@cmichael, not sure if you're appointment is a mobile ranger appointment or not, but if it is, my experience is the appointment doesn't show up on the app or website. Appears the mobile ranger appointments are initiated via the app but once they setup the appointment, it isn't reflected in the app.

txakoli | 18. Juni 2019

@bryan.hopkins,

In my case, I scheduled a SvC appointment via the app to perform the airbag recall. I was soon contacted via text message, and the appointment was rescheduled as a Mobile Service. It's being performed this coming Thursday. The website reflects no scheduled appointments, but the appointment appears in the app.

MilesMD88 | 18. Juni 2019

Tesla is a fantastic vehicle. Not being able to call & talk to someone about service will be Tesla’s undoing. Texting sucks!! You don’t know who your talking with, no names are given, no phone # are offered. Your completely left in the dark with who you are communicating with. Terrible way to conduct business.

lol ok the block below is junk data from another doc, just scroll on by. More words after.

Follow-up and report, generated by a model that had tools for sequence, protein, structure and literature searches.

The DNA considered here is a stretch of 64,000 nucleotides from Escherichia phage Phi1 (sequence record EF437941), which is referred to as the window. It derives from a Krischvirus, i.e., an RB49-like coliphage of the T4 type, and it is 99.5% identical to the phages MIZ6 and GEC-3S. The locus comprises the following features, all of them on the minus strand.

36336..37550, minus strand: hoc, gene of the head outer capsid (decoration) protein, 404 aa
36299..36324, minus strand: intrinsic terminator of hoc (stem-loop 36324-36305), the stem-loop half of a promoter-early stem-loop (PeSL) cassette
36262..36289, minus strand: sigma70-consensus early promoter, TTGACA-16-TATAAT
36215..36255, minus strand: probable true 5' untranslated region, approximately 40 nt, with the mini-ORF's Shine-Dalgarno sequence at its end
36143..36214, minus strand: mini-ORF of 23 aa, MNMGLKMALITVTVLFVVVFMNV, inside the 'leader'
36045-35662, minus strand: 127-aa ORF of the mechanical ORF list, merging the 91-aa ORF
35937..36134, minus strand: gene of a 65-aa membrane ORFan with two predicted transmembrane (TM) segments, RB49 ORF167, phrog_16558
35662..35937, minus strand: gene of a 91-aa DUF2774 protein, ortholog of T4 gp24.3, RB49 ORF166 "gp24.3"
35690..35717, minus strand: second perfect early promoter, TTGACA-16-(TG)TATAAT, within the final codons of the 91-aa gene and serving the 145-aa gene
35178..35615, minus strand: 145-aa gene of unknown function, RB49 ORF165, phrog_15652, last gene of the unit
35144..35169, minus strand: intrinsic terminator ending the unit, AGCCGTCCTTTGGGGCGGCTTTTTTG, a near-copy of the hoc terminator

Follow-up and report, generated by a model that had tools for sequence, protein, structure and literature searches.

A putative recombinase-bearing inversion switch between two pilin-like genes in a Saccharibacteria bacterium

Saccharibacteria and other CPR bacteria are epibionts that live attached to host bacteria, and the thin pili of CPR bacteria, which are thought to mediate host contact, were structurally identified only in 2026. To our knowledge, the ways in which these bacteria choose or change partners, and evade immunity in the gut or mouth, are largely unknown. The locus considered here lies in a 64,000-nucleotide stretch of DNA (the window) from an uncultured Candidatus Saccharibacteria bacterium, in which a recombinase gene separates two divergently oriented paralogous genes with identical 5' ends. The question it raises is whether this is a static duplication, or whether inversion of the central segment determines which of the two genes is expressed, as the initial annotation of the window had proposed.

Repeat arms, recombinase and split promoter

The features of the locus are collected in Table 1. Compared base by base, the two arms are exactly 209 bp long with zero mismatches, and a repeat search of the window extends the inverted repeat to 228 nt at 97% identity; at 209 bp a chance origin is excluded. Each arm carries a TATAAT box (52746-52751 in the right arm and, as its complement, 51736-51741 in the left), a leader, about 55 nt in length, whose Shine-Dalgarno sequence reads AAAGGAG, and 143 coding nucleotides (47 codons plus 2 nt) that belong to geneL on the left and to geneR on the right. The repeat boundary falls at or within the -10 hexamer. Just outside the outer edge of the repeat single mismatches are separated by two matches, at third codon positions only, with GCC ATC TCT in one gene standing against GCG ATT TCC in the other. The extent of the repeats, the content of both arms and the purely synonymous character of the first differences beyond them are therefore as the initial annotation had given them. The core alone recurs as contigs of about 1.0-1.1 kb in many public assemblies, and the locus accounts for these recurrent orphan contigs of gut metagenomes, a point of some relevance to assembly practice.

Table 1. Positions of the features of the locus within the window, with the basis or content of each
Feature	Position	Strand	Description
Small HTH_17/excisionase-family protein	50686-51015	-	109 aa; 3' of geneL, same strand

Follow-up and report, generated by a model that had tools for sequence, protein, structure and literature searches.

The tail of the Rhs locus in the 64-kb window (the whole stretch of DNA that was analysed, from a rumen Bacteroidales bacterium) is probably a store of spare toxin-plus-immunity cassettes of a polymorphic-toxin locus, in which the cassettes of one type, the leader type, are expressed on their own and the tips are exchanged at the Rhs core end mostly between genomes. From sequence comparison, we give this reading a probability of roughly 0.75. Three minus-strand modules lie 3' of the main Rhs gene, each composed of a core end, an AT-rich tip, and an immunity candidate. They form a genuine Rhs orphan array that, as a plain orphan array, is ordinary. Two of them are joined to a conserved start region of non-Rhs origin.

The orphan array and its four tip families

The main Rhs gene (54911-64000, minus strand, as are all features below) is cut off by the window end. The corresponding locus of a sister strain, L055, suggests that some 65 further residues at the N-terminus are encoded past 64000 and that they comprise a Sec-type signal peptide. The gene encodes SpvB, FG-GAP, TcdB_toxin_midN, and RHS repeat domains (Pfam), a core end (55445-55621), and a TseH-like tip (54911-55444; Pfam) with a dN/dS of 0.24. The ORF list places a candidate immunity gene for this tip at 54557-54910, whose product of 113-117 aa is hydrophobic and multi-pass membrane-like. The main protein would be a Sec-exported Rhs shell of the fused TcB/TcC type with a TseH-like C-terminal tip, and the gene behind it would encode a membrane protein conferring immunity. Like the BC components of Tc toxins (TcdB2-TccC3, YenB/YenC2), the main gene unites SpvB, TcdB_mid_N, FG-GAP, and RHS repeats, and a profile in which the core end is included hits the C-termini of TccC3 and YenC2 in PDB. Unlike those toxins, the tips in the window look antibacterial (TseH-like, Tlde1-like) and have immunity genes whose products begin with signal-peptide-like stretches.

cmichael | 20. Juni 2019

Final update.

Mobile visited and my 12V and wipers have been changed out. Delightful mobile technician.

The appointment has not shown on the Tesla website. Everything handled via text and click to accept links.

Only nitpick is that I thought payment was authorized when you accept the agreement, but they needed the credit card.

It was mentioned that I could have kept driving the vehicle in his opinion. It was mentioned that service centers have been crazy busy but its getting attention and is getting better.

8 days between first notice and replacement.